A couple of weeks ago many readers took advantage of the deal of the year: business class roundtrips to Europe for as little as $450 cash out of pocket. Not even a mistake fare.
Struggling to figure out how this all makes sense, trends in the airline industry and the global economy provide some context. And also underscore some very important lessons for marketing to airline passengers.
American was pricing Brazil-issued tickets with the wrong currency conversion. This was posted on Flyertalk on August 20, and a bunch of people purchased all kinds of tickets at ~ 90% off.
American confirmed through several sources that these fares would be honored. ...Now I’m seeing a bunch of reports that several folks are having their itineraries cancelled. I reached out to American to find out what was going on.
There are certain things you shouldn't need to be warned about before using the bathroom in an airport. For instance, Sam Elliott's character in Road House says the bar he's working at 'has a sign hanging over the urinal that says, "don't eat the big white mint."'
Another thing you shouldn't need a warning about is not to use the shower as a toilet, or one warning you about someone reaching out and grabbing you in that most sensitive of momen...
I'm not an expert on guns. I don't even own one. For this post I do not want to get into the question of which sorts of regulations of guns are reasonable or constitutional.
I do see a lot of very weak arguments being used in current debates. I'll focus just on the very concerning one that the No Fly List ought to be used to deny substantive rights beyond flying. It's a shoddy list as it is and raises significant concerns in the travel con...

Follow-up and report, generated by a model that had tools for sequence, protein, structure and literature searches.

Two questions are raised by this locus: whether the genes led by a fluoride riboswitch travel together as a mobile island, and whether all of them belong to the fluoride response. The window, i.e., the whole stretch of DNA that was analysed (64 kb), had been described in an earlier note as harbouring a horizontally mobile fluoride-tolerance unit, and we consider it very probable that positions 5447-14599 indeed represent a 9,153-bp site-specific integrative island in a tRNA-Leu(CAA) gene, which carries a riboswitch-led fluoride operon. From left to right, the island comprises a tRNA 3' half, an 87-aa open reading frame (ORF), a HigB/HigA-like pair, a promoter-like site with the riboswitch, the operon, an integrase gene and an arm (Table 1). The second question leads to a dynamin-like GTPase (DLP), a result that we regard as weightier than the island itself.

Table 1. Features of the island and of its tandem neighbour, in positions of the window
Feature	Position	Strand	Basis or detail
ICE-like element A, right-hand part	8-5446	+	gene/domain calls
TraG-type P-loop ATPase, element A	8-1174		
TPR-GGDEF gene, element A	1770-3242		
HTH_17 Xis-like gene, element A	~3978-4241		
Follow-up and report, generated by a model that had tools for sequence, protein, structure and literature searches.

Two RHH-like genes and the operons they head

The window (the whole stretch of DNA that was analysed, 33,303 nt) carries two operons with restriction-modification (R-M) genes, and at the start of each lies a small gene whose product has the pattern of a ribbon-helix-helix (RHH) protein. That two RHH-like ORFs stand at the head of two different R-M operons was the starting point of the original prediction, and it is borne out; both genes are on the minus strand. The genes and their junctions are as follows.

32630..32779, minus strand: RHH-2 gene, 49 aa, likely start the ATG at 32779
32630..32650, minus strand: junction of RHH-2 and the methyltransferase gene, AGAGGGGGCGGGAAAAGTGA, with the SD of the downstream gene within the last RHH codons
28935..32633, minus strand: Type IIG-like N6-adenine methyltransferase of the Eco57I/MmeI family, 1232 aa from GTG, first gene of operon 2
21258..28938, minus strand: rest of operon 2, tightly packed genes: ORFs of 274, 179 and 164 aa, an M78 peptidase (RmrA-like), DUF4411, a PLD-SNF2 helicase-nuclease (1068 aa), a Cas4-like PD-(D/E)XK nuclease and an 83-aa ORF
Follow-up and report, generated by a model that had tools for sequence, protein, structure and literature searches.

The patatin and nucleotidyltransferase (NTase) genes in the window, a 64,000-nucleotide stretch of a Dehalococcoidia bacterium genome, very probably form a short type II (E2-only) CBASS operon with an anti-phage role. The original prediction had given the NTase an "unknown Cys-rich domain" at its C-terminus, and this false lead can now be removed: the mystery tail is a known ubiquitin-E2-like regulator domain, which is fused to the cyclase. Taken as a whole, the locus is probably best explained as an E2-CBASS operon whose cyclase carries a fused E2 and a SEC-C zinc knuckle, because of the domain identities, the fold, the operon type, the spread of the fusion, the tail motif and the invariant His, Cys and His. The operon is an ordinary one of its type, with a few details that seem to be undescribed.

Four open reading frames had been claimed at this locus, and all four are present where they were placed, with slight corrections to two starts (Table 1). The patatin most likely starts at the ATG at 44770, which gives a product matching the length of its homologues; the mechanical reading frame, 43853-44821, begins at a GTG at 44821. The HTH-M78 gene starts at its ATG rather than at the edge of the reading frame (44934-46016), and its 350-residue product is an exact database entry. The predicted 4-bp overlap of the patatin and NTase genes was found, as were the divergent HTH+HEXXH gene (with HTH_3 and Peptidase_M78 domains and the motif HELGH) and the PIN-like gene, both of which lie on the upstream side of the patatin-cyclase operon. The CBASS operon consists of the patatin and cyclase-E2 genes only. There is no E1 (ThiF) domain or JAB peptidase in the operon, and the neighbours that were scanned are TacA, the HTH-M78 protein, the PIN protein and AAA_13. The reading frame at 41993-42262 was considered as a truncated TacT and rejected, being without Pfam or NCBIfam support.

"..The name change — and the fact that it was tied to a $30 million combined gift from the Charles Koch Foundation and an anonymous conservative donor — focused attention for the first time in a serious way on whether the administration and trustees at George Mason had allowed the state’s largest public university to become an ideological outpost...'
DOT filings include the amount each airline spends per passenger on meals.
We can see United, Delta, and American spending more on food than Virgin America and JetBlue. That just tells us that Virgin America operates shorter flights that the nation's 3 biggest airlines. JetBlue is only extensive serving meals to premium cabin customers on their limited set of "Mint" routes. Blue potato chips aren't very expensive.
More interesting is the...
Over at Fortune, Christopher Elliott says that suffering economy passengers are subsidizing the perks for premium cabin passengers. In fact he has it exactly backwards.
And he has several of his facts wrong, too.
"Many [airline executives] rue the day in 1981 when American Airlines introduced its frequent-flier program and resent the consumer entitlement that resulted, even if airlines did take for granted the loyalty that the programs fostered for so long."